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ReVerb's 3-foot tall, solar powered iPod dock


October 29, 2009

Reverb, the gigantic iPod dock from Regen, can be be powered by solar energy or by more tr...

Reverb, the gigantic iPod dock from Regen, can be be powered by solar energy or by more traditional electric outlet

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Of the myriad of iPod docking stations available, the ReVerb iPod dock from Regen looks set to tower above the rest - literally. At just over 35 inches (90cm) in height, this dock is not going to fit on your bedside cabinet. It will kick out an equivalent of a room-filling 60 watts, includes a backlit LCD display and features an integrated photovoltaic panel to draw energy from the sun.

The ReVerb won't only dominate a room's landscape with its huge proportions, it includes a 13.75 in (35 cm) by 19.7 in (50 cm) flat panel speaker with stereo drivers and a 6 in (15 cm) by 9 in (23 cm) sub-woofer which give an actual output of 6 watts with a frequency range of 50Hz to 20Khz. However, Regen (maker of the award-winning ReNu system we featured a few days ago) says that this is the equivalent to conventional speakers booming out 60 watts.

The gargantuan ReVerb is also making claim to some green credentials. The flat panel system includes solar panels that will fully charge the battery if given access to 20 hours of direct sunlight outdoors or direct sunlight indoors for 40 hours. A full battery will provide enough power for playing "loud" music for about 4.5 hours or 12 hours at "normal" volume level.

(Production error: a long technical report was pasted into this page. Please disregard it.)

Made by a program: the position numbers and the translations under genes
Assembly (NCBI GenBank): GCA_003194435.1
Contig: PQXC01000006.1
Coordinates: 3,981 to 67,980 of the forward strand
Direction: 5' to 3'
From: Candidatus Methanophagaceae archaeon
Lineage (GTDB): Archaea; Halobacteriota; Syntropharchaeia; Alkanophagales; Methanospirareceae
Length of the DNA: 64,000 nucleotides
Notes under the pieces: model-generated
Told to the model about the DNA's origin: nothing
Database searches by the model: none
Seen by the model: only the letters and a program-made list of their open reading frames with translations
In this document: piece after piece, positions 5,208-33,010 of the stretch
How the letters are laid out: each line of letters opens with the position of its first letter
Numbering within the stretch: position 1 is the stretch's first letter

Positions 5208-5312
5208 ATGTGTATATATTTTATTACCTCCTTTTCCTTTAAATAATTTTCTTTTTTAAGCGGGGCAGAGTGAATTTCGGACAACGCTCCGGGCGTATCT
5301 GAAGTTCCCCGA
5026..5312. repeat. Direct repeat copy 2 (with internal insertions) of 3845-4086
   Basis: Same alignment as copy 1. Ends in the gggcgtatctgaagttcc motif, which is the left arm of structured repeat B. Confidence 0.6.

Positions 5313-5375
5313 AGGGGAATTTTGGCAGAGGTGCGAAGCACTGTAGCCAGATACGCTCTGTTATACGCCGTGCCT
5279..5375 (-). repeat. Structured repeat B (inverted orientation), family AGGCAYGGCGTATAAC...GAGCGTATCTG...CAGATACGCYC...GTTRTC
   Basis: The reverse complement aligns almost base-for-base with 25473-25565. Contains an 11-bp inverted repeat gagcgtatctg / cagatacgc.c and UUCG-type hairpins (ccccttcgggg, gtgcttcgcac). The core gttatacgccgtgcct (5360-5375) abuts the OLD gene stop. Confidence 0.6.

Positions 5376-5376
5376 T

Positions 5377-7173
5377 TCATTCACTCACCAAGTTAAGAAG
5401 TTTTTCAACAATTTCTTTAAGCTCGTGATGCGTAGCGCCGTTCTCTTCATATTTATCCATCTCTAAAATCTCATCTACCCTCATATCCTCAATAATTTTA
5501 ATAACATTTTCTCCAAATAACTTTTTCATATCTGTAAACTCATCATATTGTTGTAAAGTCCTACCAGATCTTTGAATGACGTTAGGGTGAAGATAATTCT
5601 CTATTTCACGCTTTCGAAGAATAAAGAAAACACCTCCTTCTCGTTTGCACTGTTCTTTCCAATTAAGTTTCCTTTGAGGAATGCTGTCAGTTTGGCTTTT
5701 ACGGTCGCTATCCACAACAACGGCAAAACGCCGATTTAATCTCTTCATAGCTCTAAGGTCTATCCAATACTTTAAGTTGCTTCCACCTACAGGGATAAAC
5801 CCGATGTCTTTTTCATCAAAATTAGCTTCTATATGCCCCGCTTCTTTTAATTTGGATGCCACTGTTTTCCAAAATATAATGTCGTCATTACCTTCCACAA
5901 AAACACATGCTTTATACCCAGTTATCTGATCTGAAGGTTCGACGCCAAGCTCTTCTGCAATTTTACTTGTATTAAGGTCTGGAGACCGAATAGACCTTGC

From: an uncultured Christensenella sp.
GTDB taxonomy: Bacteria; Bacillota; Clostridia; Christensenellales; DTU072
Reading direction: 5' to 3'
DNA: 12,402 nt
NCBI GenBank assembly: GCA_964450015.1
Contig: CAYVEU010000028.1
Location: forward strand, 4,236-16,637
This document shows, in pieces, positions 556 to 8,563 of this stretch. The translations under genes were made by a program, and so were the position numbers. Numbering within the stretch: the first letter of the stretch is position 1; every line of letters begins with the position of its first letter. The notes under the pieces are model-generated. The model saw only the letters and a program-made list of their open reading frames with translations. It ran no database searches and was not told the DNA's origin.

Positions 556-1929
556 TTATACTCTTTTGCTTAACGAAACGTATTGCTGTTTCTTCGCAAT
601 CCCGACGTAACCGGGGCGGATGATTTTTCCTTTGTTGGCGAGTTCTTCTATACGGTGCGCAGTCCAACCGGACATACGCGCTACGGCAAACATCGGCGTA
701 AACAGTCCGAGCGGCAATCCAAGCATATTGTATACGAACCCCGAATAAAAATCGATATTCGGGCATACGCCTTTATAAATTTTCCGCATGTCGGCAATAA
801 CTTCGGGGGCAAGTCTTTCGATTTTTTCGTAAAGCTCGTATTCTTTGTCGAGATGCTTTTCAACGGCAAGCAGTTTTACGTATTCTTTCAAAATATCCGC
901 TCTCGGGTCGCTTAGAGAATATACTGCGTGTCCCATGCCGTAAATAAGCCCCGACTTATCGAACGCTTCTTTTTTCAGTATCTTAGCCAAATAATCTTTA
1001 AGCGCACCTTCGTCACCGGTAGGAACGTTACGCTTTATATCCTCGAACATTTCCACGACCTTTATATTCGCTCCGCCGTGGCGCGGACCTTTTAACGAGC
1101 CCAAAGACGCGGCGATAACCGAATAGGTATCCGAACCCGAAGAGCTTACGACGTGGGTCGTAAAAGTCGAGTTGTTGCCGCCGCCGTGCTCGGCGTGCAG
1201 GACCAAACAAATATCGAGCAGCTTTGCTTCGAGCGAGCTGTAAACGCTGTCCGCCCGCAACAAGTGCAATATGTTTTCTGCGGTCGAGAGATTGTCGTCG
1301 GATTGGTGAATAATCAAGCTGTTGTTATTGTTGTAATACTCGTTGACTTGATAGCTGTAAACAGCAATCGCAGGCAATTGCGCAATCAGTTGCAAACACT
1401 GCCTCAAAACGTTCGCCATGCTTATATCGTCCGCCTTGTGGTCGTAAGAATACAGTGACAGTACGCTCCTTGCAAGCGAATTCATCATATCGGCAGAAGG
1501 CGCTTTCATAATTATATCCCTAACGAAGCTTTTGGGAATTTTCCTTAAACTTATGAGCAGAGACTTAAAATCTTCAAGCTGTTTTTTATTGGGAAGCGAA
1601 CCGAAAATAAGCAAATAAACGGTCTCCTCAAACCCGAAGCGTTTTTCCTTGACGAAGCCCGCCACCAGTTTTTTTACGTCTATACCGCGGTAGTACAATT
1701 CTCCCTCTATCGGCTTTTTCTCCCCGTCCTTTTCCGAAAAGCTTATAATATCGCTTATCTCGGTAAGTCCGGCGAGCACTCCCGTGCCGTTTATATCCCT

As very few of us will have access to 20 hours outdoor sunlight in one go, Regen claims that the system is capable of playing audio at "normal" volume for three hours after exposure to about three hours outdoor sunlight or six hours indoor.

For those who can't wait that long for the sun to donate its energy, "the ReVerb pairs the ability to draw power from the sun or a traditional electric outlet."

In order to fully enjoy this beast of a sound dock you're probably going to need an Apple audio player as the system only supports the AAC format (which is a bit of a disappointment).

The audio device sits on top of the system, slotting into the Apple 30-pin connector or 3.5mm TRS audio input (if using a non-Apple device that supports AAC).

Playback is controlled by buttons on the outside of the system and the 4.56 in (11.6 cm) by 1.5 in (3.8 cm) backlit LED display on the front of the ReVerb provides some visual system information.

What the system lacks is a touchscreen interface of some sort instead of, or to complement, the buttons or even a remote that allows the action to be controlled away from the device.

The Regen ReVerb will be available in April next year will cost US$2,299.

About the Author
Paul Ridden While Paul is loath to reveal his age, he will admit to cutting his IT teeth on a TRS-80 (although he won't say which version). An obsessive fascination with computer technology blossomed from hobby into career before the desire for sunnier climes saw him wave a fond farewell to his native Blighty in favor of Bordeaux, France. He's now a dedicated newshound pursuing the latest bleeding edge tech for Gizmag.   All articles by Paul Ridden
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